Craig Suder is a combination of victim and victor. On one hand, he appears to be the archetypal dupe; in fact, Sid Willis asserts, “Luck has decided you’re the greatest patsy since the Jews.” On the other hand, his flight from adversity seems to propel him forward to experiences that are life-affirming both for himself and for others.
The character and fate of Craig Suder validate Bud Powell’s contention that he resembles Charlie “Bird” Parker. The now-legendary jazz saxophonist led a hapless, rootless existence marked by drug abuse and living on the edge of his endurance. Parker, however, wrote and performed music that could be both energetic and exuberant; his music gave shape and coherence to his private emotional turmoil. Craig Suder’s life is characterized by much the same pattern: stunning reversals and an ultimately triumphant transcendence of his problems when he takes flight.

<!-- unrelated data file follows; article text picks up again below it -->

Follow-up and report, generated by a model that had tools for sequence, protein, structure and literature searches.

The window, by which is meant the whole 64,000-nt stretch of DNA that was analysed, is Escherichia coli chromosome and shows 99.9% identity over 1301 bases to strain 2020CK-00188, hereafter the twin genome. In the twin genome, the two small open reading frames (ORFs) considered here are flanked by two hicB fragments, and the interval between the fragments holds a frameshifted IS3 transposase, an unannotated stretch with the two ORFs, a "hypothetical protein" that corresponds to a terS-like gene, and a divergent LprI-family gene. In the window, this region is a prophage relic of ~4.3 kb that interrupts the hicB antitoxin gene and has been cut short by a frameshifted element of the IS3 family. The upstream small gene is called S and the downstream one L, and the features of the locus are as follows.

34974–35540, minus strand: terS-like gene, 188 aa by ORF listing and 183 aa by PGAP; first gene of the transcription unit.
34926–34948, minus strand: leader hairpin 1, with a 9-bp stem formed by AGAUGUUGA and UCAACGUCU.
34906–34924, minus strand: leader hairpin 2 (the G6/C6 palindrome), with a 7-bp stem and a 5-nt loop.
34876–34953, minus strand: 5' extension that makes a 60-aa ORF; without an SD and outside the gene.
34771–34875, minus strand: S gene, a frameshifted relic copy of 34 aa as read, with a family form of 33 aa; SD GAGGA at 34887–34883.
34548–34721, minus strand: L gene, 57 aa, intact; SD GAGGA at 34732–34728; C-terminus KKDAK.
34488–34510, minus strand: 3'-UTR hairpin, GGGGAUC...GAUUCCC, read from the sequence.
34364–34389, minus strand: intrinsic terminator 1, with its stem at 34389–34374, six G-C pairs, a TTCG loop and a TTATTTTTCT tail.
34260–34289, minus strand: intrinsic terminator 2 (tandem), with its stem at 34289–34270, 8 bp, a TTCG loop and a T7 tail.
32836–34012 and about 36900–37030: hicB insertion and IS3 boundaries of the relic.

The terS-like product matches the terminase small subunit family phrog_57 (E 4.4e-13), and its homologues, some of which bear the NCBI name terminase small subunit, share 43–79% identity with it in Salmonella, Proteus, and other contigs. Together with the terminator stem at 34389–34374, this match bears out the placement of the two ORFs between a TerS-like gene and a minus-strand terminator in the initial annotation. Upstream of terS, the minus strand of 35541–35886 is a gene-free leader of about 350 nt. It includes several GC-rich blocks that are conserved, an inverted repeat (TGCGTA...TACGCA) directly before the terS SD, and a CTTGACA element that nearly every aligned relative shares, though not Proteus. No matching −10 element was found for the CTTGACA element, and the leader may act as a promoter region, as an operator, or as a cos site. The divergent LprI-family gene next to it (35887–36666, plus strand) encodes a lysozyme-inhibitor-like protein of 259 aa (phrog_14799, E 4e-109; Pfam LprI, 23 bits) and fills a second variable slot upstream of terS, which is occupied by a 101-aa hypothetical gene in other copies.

Much of the frantic propulsion of the story is derived from its first-person narration, which is marked by short sentences and the active voice. In some ways, Suder’s clipped narrative voice emulates the pacing of bebop jazz. Having worked as a jazz musician, Everett has intimate knowledge of the art form that pervades this novel, especially the staccato phrasing of Charlie Parker’s “Ornithology.” “I could feel the push of the song, a tension,” Suder admits as a young boy hearing Powell play the tune. Much the same can be said of the...
(The entire section is 417 words.)